When Bells Ring Wild and Sweet

I heard the bells on Christmas day

Their old familiar carols play

And wild and sweet

Their words repeat

Of peace on earth

Good will towards men

                   Henry Wadsworth Longfellow


brass sleigh bells

Historically, bells have been used to draw attention to a moment.

Bells marking time. The hour of the day or night. From clock tower bells clapping their routine rounds, to the hand rung bells of the town crier ringing out that it’s 12 o’clock and all’s well.

Church bells ringing with a call to worship on Sunday morning. Or to herald a wedding party as they make exit from the marriage ceremony into the sunlight with family and friends—revelers all—wishing a happy man and wife blessings as they embark on their new life as one.

There’s the dinner bell—calling everyone to the table for mealtime and fellowship.

Department 56 plum pudding with Lenox Holiday teapot and Santa glass bell

Sweet and celebratory moments have been marked by bells for centuries. Each bell sound, crafted with precision by a master craftsman, is uniquely designed to minister beauty in the tinkling, joy in the hearing, and peace—in the message of the bells.

silver bells

All is well. Be ye joyful.

But—bells have been used for more than sweet tidings. They ring wildly, too. In alarm. As warning. When the enemy approaches the village, bells ring out calling the people to flee. When the twister is on the horizon, bells ring to take shelter. Even the town crier, when sounding an alarm that all is NOT well, will ring the bell wildly with passionate vigor. The ship’s bell rings out with the watchman’s warning—storm clouds ahead. Tidal waves threaten. Danger is afoot and the crew must be warned.

This is not a peaceful bell sound.

Nor are many of the modern bells we hear daily these days. Emergency Sirens. Firehouse whistles. Smoke alarms. Burglar alarms. These are the bells of contemporary times.

San Bernadino heard them for hours in terror just a couple of weeks ago. Ringing out in alarm. Danger! Panic! Emergency! Enemies afoot!

Tragedy. Death. Mourning bells.

sleigh bells

Yet, Longfellow’s familiar and poetic words, which we often hear sung in carols of the Christmas season, tells us that both wild and sweet bell sounds repeat . . . of PEACE on earth. Good will towards men.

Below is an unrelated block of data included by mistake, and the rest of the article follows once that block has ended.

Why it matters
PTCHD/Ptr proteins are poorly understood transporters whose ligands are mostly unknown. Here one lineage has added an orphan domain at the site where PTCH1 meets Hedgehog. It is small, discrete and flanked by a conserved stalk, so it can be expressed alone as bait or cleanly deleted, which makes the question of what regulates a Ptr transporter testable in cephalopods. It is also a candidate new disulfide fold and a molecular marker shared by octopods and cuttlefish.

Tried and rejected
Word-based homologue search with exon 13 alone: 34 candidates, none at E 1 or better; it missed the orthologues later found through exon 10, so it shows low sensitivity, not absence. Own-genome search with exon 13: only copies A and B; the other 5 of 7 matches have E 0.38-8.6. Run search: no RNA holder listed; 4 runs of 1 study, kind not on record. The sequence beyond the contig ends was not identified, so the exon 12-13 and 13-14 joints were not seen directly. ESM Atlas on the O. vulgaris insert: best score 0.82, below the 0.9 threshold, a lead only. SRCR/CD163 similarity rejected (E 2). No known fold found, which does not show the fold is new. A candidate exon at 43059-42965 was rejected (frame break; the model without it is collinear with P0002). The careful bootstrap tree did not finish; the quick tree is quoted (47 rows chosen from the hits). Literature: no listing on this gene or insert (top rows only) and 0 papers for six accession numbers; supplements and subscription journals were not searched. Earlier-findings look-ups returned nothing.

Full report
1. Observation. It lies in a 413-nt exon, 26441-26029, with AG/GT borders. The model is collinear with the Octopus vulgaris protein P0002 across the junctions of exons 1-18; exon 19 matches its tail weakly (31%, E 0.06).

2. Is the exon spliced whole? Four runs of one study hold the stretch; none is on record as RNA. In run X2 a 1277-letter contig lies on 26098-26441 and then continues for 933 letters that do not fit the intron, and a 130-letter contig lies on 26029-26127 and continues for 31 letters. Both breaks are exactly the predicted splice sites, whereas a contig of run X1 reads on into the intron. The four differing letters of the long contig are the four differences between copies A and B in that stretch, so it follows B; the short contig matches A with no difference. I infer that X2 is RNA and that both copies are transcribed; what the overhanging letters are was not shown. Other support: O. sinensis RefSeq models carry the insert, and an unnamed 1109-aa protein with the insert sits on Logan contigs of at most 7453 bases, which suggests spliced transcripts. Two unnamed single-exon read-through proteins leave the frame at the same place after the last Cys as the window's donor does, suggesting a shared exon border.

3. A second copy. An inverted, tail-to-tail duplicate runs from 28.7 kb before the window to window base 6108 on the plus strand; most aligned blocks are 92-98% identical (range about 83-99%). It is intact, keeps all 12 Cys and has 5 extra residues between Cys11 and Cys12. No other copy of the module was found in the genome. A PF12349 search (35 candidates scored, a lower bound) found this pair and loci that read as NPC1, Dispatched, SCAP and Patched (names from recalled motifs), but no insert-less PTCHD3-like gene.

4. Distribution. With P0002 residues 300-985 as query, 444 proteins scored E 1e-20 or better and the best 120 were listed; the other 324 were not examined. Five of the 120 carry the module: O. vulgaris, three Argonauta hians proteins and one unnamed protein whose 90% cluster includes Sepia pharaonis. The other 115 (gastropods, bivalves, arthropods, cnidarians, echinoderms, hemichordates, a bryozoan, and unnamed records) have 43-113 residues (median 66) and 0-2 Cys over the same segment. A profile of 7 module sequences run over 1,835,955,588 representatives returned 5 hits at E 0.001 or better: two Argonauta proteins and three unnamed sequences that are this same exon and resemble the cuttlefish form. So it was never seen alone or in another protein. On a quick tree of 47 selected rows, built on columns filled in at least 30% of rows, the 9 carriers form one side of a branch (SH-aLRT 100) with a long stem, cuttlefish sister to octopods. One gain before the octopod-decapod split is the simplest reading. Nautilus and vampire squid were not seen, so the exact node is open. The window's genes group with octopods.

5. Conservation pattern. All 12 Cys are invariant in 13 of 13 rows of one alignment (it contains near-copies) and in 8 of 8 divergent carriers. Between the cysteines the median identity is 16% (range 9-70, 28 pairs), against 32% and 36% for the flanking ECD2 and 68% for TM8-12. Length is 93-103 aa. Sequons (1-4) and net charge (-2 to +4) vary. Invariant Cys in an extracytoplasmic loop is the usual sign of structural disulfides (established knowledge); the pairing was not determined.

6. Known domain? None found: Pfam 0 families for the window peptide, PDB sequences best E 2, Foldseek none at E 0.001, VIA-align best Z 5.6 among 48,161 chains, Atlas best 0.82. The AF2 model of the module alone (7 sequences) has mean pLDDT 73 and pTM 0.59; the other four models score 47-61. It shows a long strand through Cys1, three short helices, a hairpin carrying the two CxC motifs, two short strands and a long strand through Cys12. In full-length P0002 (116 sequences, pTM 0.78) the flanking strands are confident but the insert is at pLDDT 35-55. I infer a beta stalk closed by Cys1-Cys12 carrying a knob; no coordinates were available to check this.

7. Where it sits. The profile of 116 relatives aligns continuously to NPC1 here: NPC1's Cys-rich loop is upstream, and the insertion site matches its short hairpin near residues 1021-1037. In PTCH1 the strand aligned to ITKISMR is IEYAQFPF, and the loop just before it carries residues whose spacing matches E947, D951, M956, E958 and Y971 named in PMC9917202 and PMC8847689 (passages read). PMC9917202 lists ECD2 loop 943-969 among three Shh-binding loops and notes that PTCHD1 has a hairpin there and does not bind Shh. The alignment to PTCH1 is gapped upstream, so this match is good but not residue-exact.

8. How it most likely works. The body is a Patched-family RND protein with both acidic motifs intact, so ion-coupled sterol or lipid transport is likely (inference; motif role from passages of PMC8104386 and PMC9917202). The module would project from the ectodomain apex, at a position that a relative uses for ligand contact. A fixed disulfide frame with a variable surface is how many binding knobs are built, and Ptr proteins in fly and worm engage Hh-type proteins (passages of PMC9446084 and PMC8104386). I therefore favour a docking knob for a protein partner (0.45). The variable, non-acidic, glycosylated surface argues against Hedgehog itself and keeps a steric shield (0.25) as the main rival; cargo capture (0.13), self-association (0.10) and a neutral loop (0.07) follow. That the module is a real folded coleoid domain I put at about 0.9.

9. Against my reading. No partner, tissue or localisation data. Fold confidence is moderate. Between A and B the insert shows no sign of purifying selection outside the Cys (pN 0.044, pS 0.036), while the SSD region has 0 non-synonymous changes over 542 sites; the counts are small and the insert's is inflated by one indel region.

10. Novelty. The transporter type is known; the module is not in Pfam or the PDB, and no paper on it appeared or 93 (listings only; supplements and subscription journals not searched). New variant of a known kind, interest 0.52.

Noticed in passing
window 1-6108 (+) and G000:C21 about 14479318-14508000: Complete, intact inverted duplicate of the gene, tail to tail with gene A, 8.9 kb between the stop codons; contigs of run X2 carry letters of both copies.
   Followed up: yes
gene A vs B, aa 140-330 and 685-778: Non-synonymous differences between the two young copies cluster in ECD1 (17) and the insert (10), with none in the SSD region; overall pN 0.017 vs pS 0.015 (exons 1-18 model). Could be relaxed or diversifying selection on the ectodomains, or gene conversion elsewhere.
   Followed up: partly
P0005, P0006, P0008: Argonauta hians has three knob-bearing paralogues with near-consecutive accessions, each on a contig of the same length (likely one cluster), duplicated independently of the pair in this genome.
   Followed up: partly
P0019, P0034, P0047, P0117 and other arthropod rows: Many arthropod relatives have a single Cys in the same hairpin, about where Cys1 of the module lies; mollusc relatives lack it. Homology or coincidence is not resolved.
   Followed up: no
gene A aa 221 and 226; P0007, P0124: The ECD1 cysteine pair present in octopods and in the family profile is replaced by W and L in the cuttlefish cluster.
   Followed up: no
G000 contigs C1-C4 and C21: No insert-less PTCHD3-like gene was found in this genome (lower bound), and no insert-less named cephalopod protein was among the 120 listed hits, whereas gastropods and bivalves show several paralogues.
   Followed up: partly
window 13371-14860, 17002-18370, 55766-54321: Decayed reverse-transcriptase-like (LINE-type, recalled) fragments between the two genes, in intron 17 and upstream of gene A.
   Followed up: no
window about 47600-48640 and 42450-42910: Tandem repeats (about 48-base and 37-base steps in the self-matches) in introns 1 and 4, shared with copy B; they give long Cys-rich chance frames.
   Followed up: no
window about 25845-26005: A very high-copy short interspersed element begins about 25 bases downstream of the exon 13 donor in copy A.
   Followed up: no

Shepherds heard the herald angels sing out like a peal of bells the night Jesus was born. A celebratory sound. Emmanuel—God is come and is with you. In your midst. Peace on earth. Good will toward men.

German glass ornament Natavity

And, some 30 years later, on a storm-tossed boat in the sea of Galilee . . . wild bells of alarm! A siren call of panic. Fear ringing in the ears of men who made their living on the sea. Their familiar fishing waters were threatening to overtake them like an enemy.

[Tweet “But, they were not alone in the midst of it. For . . . He was in their midst.”]

On the same day, when evening had come, He said to them, “Let us cross over to the other side.” Now when they had left the multitude, they took Him along in the boat as He was. And other little boats were also with Him. And a great windstorm arose, and the waves beat into the boat, so that it was already filling. But He was in the stern, asleep on a pillow. And they awoke Him and said to Him, “Teacher, do You not care that we are perishing?”

Then He arose and rebuked the wind, and said to the sea, “Peace, be still!” And the wind ceased and there was a great calm. But He said to them, “Why are you so fearful? How is it that you have no faith?”And they feared exceedingly, and said to one another, “Who can this be, that even the wind and the sea obey Him!”

Mark 4:35-41 NKJV


The bells rang out sweet in herald of the Savior’s birth. The shepherds ran to see Jesus in their midst—sleeping peacefully in a moment of peace and celebration.

vintage sterling silver bell ornament with holly

The bells rang out wild in alarm on the stormy sea. The disciples ran to Jesus in their midst—sleeping peacefully in a moment of great fear and alarm.

Bells will ring. Wild and sweet. Jesus, Messiah, is in the midst of them both saying—“Peace, be still.” Run to find Him there on both counts.

Who can this be, that even the wind and the sea obey Him?

[Tweet “He is Jesus—our Prince of Peace—wild and sweet. May Peace repeat . . .”]

Meditating on these things, I am including here the full text of Henry Wadsworth Longfellow’s poem written during the American Civil War. Rarely were bells rung during those tumultuous years in our nation but for warning, mourning, and alarm. Wild bells, to be sure.

Yet, Longfellow’s meditation penned in critical times 150+ years ago, give us pause for renewed faith in peace, believing, in critical times today. Be ye blessed . . .